Standard Treatment Ineffective for Common Type of Heart Failure

November 11, 2008
Contact: Steve Tokar (415) 221-4810

CORRECTION: As clarified in paragraphs 1, 2 and 6, the drug irbesartan is not commonly used to treat heart failure, though it is a member of a class of medications, called angiotensin receptor blockers, that is.

Irbesartan, a member of a class of medications called angiotensin receptor blockers (ARBs) that are commonly used to treat heart failure, was no more effective than placebo in treating a particular and widespread form of the condition, known as preserved ejection fraction heart failure, according to an international study led by a researcher at the San Francisco VA Medical Center (SFVAMC).

Irbesartan, itself, is not approved for use in treating heart failure, but other drugs in the ARB class are.

The finding was presented on Tuesday, Nov. 11, at the annual research meeting of the American Heart Association, in New Orleans. The study was published simultaneously in the "Online First" section of the New England Journal of Medicine.

Heart failure is a condition in which the heart is no longer able to pump a sufficient supply of blood to the rest of the body. It results from a variety of structural or functional defects in the heart.

A key measure of how efficiently the heart pumps blood is ejection fraction, which measures the proportion of blood that is pumped out of the left ventricle with each heartbeat compared with how much was in the ventricle before it contracted.

Irbesartan, which the researchers consider a representative ARB, widens constricted arteries, increasing blood flow and thus reducing pressure on the arteries. With its use, the heart does not have to work as hard to pump blood. Other agents in the ARB class have been shown to be very effective in heart failure patients with reduced ejection fractions, according to the researchers.

Over the last two decades, however, doctors have realized that about half of all patients with heart failure have a normal, or preserved, ejection fraction. They are usually older, more often are women and are more likely to have high blood pressure than those with low ejection fractions.

"These patients have classic heart failure symptoms -- fluid retention in the lungs, shortness of breath and swelling -- even though their hearts pump well and are not enlarged," says Dr. Barry M. Massie, chief of cardiology at SFVAMC and the principal investigator of the trial.

The current study examined whether the drug was effective in treating their symptoms.

"Unfortunately, ARBs and other agents studied thus far do not seem to help these patients," says Massie, who is also a professor of medicine at the University of California, San Francisco. "We need to learn more about the mechanisms underlying this form of heart failure and continue the search for effective treatments."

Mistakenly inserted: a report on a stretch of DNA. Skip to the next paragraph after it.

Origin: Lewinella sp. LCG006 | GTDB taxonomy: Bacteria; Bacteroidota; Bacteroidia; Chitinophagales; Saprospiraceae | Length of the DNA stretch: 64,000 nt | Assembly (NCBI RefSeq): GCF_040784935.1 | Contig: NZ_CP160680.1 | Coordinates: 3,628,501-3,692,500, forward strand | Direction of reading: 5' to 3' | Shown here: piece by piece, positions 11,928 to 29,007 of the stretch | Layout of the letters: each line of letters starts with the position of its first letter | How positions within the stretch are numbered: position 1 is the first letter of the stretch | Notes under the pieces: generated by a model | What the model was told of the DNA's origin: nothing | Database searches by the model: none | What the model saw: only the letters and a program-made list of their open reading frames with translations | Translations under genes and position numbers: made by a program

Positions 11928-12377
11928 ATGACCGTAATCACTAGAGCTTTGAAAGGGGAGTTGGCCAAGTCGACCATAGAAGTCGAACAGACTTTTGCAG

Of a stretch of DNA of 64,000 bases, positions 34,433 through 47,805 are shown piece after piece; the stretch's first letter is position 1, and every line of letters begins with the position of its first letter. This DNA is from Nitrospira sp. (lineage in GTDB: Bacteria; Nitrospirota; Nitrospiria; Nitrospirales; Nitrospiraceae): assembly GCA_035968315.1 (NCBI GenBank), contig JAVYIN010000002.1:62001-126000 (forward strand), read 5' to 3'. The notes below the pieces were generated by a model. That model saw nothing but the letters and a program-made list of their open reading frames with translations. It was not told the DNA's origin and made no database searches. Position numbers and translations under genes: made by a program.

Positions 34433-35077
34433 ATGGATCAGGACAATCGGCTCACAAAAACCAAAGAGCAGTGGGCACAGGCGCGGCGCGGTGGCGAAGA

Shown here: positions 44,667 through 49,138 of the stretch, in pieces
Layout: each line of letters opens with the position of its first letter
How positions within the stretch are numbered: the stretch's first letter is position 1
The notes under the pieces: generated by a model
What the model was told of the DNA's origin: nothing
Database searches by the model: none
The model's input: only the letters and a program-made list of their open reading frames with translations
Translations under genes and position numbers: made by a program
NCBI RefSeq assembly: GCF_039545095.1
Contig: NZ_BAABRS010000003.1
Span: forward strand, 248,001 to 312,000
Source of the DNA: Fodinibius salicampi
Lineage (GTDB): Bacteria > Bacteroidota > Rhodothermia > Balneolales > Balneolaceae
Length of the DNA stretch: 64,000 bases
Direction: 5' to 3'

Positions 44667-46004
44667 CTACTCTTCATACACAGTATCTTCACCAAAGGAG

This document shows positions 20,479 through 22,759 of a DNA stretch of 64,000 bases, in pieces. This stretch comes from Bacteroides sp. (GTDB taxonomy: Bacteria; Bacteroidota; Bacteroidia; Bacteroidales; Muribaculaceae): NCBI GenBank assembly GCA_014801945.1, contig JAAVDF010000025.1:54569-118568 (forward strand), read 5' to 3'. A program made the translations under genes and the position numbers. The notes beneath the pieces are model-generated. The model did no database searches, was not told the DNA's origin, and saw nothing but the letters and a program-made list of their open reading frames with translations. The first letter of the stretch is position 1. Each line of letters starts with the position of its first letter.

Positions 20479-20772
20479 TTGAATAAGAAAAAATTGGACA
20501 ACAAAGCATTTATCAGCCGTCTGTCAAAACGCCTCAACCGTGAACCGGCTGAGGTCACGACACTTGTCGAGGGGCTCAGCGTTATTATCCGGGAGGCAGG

In the trial, called Irbesartan in Heart Failure with Preserved Systolic Function, or I-PRESERVE, 4,128 participants with heart failure and an ejection fraction of at least 45 percent were randomly assigned to receive either irbesartan or a placebo and then followed clinically for an average of 4.5 years. The mean age of participants was 72. Sixty percent were female. Participants' blood pressure was maintained at normal levels in both groups.

At the end of the study, which was conducted at 293 sites in 25 countries, irbesartan was no more likely than placebo to protect against death from any cause or from hospitalization for heart failure or other major cardiovascular events.

"We really don't understand the nature of heart failure with preserved ejection fraction," says Massie. "It's likely not a single disease or syndrome, and, so far, it has been difficult to come up with a therapy that makes a difference. This study at least tells us that ARBs are probably not the answer."

Co-authors of the study were Dr. Peter E. Carson of Georgetown University and Washington, DC Veterans Administration Medical Center; Dr. John J. McMurray of the British Heart Foundation Glasgow Cardiovascular Research Centre, United Kingdom; Dr. Michel Komajda of Universite Paris 6, France; Dr. Robert McKelvie of Hamilton Health Sciences, McMaster University, Ontario, Canada; Dr. Michael R. Zile of RHJ Department of Veterans Affairs Medical Center and Medical University of South Carolina, Charleston, S.C.; Susan Anderson, of University of Wisconsin, Madison, Wis.; Mark Donovan of Bristol-Myers Squibb; Erik Iverson of the University of Washington; Dr. Christoph Staiger of Sanofi-Aventis; and Dr. Agata Ptaszynska of Bristol-Myers Squibb.

The study was sponsored by Bristol-Myers Squibb and Sanofi-Aventis, which jointly market irbesartan under the trade names Aprovel, Karvea, and Avapro. Massie has received consulting fees from the two companies.

Some of this funding was administered through the Northern California Institute for Research and Education.

NCIRE -- the Veterans Health Research Institute -- is the largest research institute associated with a VA medical center. Its mission is to improve the health and well-being of veterans and the general public by supporting a world-class biomedical research program conducted by the UCSF faculty at SFVAMC.

SFVAMC has the largest medical research program in the national VA system, with more than 200 research scientists, all of whom are faculty members at UCSF.

UCSF is a leading university dedicated to promoting health worldwide through advanced biomedical research, graduate-level education in the life sciences and health professions, and excellence in patient care.

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